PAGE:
Providing a backend

20th August 2018 1 By Jonny

Previously, I’d deployed a pod running an instance of gogs to provide a source control repository in which I would aim to store my k8s YAML files and my container image build files.

Building a backend

The next step I want to follow is to provision a database backend for gogs using a MariaDB container. Strictly speaking there is no real need to have a separate database backend. The gogs installation can quite happily make use of a local sqlite database, however this is as much about learning and experimenting as anything else.

Unfortunately there didn’t appear to be an official MariaDB container image publicly available for the ARM v7 (32 bit) architecture available. There is an ARM v8 (64 bit) official image available based upon an Ubuntu image. With a bit of further googling, a promising image could be found which provided MariaDB on an Alpine Linux (ARM v7) base.

Since I put together my k8s cluster, this image has been updated to use Apline Linux 3.8. When I tried to use Alpine Linux 3.8 outside of this project with MariaDB I encountered errors when starting MariaDB up. These errors did not occur on Alpine Linux 3.7. As of writing MariaDB on my cluster is running on Alpine Linux 3.7.

The MariaDB container can take a set of variables as part of it’s start up allowing the user to define several parameters, amongst them MYSQL_DATABASE, MYSQL_USER, MYSQL_PASSWORD, and MYSQL_ROOT_PASSWORD parameters. These parameters allow the MariaDB database to be pre-configured and be up and running when the container finishes bootstrapping. With k8s, these parameters can be saved to the cluster as secrets (passwords in particular) or as configmaps (other less sensitive data) for the deployment. I have opted to save all four parameters as secrets rather than split their locations.

My resulting deployment YAML looks as follows:

apiVersion: apps/v1 # for versions before 1.9.0 use apps/v1beta2
kind: Deployment
metadata:
name: mariadb
spec:
selector:
matchLabels:
app: mariadb
strategy:
type: Recreate
template:
metadata:
labels:
app: mariadb
spec:
containers:
- image: yobasystems/alpine-mariadb:armhf
name: mariadb
env: #Use secret in real usage
- name: MYSQL_ROOT_PASSWORD
valueFrom:
secretKeyRef:
name: mariadb-root-pass
key: mariadb-root-pass
- name: MYSQL_USER
valueFrom:
secretKeyRef:
name: gogs-username
key: gogs-user
- name: MYSQL_PASSWORD
valueFrom:
secretKeyRef:
name: gogs-password
key: gogs-pass
- name: MYSQL_DATABASE
valueFrom:
secretKeyRef:
name: gogs-db
key: gogs-maria-db
ports:
- containerPort: 3306
name: mariadb
volumeMounts:
- name: mariadb-pv
mountPath: /var/lib/mysql
volumes:
- name: mariadb-pv
persistentVolumeClaim:
claimName: mariadb-pvc

The k8s secrets were created on the command line – however it’s just as easy to create secrets via a YAML file as well.

kubectl create secret generic <secret_name> --from-literal=<key>=<value>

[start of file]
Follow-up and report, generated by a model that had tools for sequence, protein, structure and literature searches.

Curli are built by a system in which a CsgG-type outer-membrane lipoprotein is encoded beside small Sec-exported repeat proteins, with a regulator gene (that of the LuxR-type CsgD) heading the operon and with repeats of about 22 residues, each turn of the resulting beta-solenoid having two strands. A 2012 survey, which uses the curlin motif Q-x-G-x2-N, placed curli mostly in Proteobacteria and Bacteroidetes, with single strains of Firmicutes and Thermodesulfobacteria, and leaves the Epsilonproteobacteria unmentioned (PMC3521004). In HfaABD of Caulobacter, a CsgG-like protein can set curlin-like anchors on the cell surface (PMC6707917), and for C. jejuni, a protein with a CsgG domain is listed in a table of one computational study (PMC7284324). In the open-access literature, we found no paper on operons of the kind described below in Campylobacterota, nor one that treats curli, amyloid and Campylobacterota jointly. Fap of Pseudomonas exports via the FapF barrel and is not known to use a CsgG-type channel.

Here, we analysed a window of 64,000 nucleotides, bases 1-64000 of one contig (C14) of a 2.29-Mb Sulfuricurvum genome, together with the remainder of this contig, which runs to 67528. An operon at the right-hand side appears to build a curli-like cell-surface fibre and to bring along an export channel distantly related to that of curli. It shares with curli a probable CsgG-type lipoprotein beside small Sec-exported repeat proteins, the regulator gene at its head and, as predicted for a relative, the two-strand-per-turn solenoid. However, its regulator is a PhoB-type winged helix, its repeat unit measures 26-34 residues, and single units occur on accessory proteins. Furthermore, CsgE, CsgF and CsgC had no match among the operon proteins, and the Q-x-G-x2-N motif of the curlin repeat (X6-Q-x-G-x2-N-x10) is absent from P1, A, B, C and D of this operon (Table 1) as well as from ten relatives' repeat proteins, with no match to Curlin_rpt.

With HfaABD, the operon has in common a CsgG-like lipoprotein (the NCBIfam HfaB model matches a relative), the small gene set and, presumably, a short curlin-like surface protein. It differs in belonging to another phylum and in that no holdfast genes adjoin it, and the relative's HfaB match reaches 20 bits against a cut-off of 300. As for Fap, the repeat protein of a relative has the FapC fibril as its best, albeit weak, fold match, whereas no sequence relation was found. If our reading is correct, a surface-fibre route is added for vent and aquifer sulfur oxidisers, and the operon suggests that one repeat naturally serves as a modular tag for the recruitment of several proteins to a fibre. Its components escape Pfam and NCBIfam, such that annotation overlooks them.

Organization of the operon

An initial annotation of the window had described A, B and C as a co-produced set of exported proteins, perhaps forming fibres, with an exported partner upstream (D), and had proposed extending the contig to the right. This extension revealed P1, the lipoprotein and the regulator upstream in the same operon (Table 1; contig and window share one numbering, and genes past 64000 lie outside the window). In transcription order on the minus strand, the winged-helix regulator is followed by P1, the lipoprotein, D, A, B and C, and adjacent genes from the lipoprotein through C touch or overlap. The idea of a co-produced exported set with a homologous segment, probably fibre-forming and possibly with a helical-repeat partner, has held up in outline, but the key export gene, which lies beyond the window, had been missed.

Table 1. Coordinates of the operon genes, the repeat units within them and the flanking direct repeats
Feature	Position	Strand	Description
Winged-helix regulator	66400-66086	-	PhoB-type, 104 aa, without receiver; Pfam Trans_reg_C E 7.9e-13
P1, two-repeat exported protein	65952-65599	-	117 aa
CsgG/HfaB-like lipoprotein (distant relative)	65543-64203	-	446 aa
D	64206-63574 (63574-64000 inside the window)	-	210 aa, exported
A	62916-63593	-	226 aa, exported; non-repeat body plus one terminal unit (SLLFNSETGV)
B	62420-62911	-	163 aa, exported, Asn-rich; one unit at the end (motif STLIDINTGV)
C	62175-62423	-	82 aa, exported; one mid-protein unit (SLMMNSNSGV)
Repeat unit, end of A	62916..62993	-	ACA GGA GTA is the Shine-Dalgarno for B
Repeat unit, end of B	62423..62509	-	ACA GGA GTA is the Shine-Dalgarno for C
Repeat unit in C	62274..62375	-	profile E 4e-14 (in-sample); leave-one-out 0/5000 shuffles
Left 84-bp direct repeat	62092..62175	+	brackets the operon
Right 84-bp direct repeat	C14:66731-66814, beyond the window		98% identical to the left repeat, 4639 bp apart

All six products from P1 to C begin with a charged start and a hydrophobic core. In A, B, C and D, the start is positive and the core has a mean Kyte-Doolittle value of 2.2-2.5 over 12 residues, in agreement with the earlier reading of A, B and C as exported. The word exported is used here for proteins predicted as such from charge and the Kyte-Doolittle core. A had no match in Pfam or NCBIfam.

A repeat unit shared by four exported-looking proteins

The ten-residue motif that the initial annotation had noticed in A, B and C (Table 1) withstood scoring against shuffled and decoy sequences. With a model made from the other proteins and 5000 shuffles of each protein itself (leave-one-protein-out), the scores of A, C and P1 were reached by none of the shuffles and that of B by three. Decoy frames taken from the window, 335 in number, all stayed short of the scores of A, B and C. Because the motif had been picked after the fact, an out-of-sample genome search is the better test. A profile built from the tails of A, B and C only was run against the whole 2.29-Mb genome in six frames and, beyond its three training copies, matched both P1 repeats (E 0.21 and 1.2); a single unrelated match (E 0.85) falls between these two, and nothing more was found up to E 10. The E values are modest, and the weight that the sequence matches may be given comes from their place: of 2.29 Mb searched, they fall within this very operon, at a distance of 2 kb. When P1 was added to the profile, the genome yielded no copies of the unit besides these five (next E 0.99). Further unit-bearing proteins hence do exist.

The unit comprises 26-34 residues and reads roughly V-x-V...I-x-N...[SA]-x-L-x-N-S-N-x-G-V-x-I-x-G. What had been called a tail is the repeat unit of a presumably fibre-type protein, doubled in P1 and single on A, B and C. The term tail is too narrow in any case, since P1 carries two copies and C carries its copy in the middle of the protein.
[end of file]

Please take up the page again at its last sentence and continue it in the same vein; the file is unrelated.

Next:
This was repeated for each secret required. With the necessary secrets in place, the MariaDB container could be deployed.

$ kubectl get pods -o wide
NAME READY STATUS RESTARTS AGE IP NODE gogs-5b75cc9c86-jhk55 1/1 Running 0 6d 10.244.3.65 white.kube.ipa.champion mariadb-596959f7cf-mllz2 1/1 Running 13 4d 10.244.4.87 orange.kube.ipa.champion

As can be seen from the above, the my-gogs and mariadb pods are now running.

Making MariaDB reachable

Hopefully, it’s also noticeable that the MariaDB pod is also making use of a persistent volume to store the /var/lib/mysql data. This should mean that the pod can be restarted and replaced whilst retaining the data previously committed to the database.

As noted previously when running the gogs pod, it is necessary to make the service(s) offered by the pod reachable. In this case, I only need to make the MariaDB service reachable from other pods within the cluster (and in this particular example the pods are in the same namespace). The easiest way to do this is to expose the deployment as a service, but this time use the ClusterIP type as opposed to the NodePort type. Exposing as a ClusterIP creates an ‘internal’ IP address to the cluster which will listen on the exposed port (3306 for MariaDB) across all nodes, and be resolvable as a specified name (by default the name of the resource being exposed). As I have opted to expose the deployment, it is done as follows:

$ kubectl expose deployment mariadb --type=ClusterIP
$ kubectl get svc -n test
NAME TYPE CLUSTER-IP EXTERNAL-IP PORT(S) AGE gogs NodePort 10.100.131.192 3000:30037/TCP,22:31384/TCP 17d mariadb ClusterIP 10.105.129.154 3306/TCP 17d

In the above example, the gogs deployment has been exposed on port 30037 for HTTP (and 31384 for SSH) using NodePorts. The mariadb deployment has been exposed as a ClusterIP service on IP address 10.10.5.129.154 on port 3306.

Using the exposed backend

When I am setting up gogs to use a MySQL/MariaDB backend I can specify the server as ‘mariadb’ and use the regular MySQL/MariaDB port of 3306. The internal DNS resolver (Core-DNS) will provide name resolution services for this service.

Ready and waiting for the user

Gogs is now set up and ready to go. I’ve now covered off quite a few elements of deploying applications to k8s:

  • Deploying applications in pods as deployments
  • Providing external storage to pods through persistent volumes
  • Providing configuration data to pods through secrets
  • Exposing access to services within pods through NodePort and ClusterIP services
  • Tying together separate pods to demonstrate an n-tier application deployment on k8s (albeit n=2 here)

In the next exciting post I’ll document how I’ve made these services externally accessible and how I’ve used TLS to secure the HTTP connections.